Another who picked up a stoppage was the hard hitting Ryoji Fukunaga (11-4, 11) [福永亮次], who needed less than a round to take out Thai visitor Kittipong Jareonroy (3-3). This is pretty pretty given that Kittipong had gone 3 rounds with Teiru Kinoshita and saw the final bell, albeit in a very 1-sided bout, with Kenta Nakagawa. The ending came when Fukunaga dropped the Thai with a massive body shot and left him in absolute agony on the canvas.
The only prospect who didn't really shine was the talented Yuichiro Kasuya (12-2-1, 3) [粕谷雄一郎], who could only manage a narrow majority decision over Toru Kiyota (9-3, 7) [清田亨]. On paper Kasuya had the toughest task of the three Kadoebi hopefuls, but was still expected to win without too many problems, given how Ren Sasaki had stopped Kiyota back in 2017. Still getting the win was the key for Kasuya, who had fought only 3 rounds since the start of 2018.
Earlier today the Kadoebi Gym announced their next big show, "Slugfest 9", which will take place on May 8th at the Korakuen Hall.
The main event of the card will see former IBF Super Bantamweight world champion Yukinori Oguni (20-2-1, 8) [小國以載] battle in a 10 round bout. The bout will be Oguni's second contest since returning to the ring last year, with a win over Arega Yunian, having been out of the ring for almost 15 months following the loss to Ryosuke Iwasa in September 2017. His opponent hasn't been announced but we'd expect a big step up from Yunian.
The chief support bout will be an 8 round bout featuring former Japanese Flyweight and OPBF Super Flyweight champion Takuya Kogawa (29-5-1, 13) [粉川拓也], who fights for the first time as a Kadoebi Gym fighter, and Hideyuki Watanabe (8-11-3, 6) [渡邉秀行]. This isn't just Kogawa's first bout as a Kadoebi fighter, but also only his second bout since the start of 2018. This should be a relatively safe bout for the veteran given that Watanabe has gone 0-5 since the start of 2015.
Another former Japanese champion confirmed for this card is Takenori Ohashi (16-5-2, 10) [大橋健典], who gets a tough assignment as he takes on Shun Wakabayashi (9-3, 2) [若林駿] in an 8 round bout. This will be Ohashi's second bout since he lost the Japanese Featherweight title to Taiki Minamoto last April, whilst Wakabayashi will be looking to score a 6th straight win, building on victories over Taichi Ueno and Xian Qian Wei.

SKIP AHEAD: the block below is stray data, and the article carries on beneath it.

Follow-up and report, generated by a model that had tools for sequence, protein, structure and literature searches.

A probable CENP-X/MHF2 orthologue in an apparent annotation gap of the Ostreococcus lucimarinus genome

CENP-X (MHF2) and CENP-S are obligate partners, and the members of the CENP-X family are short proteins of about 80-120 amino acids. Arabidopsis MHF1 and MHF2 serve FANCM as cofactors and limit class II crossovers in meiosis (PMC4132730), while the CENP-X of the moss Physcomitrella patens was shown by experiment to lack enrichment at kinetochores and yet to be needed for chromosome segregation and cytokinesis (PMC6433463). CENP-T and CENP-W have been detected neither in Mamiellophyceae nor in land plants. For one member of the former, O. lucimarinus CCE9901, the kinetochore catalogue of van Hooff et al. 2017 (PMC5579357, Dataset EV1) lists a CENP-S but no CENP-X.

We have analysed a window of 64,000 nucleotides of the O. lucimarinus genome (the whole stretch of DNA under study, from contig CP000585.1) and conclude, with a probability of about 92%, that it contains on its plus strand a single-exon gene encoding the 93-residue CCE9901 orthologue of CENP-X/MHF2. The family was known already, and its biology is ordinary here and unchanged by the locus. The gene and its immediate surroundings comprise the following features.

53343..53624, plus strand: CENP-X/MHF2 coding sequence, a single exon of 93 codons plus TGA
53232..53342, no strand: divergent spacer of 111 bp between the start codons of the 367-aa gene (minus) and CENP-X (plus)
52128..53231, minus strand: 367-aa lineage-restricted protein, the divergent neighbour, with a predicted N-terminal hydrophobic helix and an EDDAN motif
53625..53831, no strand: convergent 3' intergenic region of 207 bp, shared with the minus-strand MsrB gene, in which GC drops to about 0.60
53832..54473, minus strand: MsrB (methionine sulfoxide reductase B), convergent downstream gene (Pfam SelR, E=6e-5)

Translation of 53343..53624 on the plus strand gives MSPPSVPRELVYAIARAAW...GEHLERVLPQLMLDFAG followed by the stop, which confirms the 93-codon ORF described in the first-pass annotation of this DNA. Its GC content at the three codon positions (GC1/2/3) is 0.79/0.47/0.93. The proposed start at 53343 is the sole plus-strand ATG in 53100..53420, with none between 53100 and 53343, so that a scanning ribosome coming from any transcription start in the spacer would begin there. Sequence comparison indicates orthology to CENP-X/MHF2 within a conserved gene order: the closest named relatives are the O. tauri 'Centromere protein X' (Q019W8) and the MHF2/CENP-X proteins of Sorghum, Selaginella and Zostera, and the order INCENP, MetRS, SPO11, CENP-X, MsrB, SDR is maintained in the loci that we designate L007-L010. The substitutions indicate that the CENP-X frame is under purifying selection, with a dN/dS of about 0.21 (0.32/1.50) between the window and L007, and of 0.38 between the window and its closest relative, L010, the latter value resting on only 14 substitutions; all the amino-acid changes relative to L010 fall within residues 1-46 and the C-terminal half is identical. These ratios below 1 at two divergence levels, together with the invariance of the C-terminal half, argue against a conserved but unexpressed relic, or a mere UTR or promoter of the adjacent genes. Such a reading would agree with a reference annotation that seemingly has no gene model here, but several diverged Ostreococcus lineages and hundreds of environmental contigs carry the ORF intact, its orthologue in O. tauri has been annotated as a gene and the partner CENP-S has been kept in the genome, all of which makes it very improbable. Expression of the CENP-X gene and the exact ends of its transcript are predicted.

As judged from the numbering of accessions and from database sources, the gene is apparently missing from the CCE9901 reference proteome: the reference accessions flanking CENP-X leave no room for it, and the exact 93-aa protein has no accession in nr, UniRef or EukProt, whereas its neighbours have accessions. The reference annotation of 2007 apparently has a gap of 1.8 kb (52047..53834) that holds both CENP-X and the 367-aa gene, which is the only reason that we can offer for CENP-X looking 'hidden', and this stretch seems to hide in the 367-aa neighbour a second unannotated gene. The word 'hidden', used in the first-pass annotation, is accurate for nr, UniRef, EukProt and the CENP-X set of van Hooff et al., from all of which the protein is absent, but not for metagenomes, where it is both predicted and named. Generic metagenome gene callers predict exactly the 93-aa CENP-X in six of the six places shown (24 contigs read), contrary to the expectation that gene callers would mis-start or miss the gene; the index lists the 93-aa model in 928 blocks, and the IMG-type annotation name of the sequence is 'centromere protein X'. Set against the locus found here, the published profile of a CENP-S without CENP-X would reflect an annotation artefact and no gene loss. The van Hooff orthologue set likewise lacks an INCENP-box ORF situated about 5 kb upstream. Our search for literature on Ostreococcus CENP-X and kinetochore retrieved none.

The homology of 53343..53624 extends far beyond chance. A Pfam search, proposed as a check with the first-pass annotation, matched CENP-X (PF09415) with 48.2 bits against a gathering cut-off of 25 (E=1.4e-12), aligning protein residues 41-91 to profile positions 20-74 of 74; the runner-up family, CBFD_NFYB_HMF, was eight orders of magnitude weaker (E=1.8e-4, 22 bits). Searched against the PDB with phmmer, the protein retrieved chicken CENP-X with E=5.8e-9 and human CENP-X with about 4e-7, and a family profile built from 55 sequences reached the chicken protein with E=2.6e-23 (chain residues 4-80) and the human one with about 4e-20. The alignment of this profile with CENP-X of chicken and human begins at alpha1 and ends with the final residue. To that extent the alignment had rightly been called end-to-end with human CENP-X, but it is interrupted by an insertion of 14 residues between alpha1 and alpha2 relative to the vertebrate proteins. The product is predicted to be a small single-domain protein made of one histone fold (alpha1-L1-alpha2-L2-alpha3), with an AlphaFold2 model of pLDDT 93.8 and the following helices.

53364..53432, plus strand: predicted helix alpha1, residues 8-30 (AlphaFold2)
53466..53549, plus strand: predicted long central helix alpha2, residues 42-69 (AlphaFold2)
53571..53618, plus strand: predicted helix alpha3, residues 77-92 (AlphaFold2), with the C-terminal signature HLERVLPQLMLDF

Others now confirmed for this show include the hard hitting Ryoji Fukunaga (10-4, 10) [福永亮次], the talented Yuichiro Kasuya (11-2-1, 3) [粕谷雄一郎] and very promising prospect Yuki Nakajima (1-0, 1) [中嶋憂輝].
Earlier today Japanese fight fans at the Korakuen Hall got their first chance to see Yuki Nakajima (1-0, 1) [中嶋 憂輝], fight as a professional, as he took on 21 year old Thai Somphon Banyaem (3-2, 3).
Despite being a debutant the expectations were high for Nakajima following a notable amateur career which saw him go 52-21. Those skills he had from the amateurs were on show immediately with the youngster showing really crisp movement and sharp offense, with his jab being a thing of beauty.
The Thai, who looked naturally smaller, was often left swinging at the air thanks to Nakajima's movement and struggled to avoid the jabs heading his way.
In the final seconds of the opening round Somphon was dropped from a perfect left hook up top. The Thai got up and saw off the round but it was clear that he was out of his depth.
Nakajima continued to impress in round 2 as he started the round by patiently chipping away at the Thai with sharp jabs. Later in the round however he opened up, showing there was significantly more in his arsenal as he stopped the Thai. The visitor was put down hard from a gorgeous left hook to the body and stayed down in agony.
Despite this being a relatively straight forward debut it's clear that Kadoebi have a very gifted young fighter on their hands with Nakajima and his future is very bright. Sadly for Somphon he really didn't stand a chance against a very special young fighter.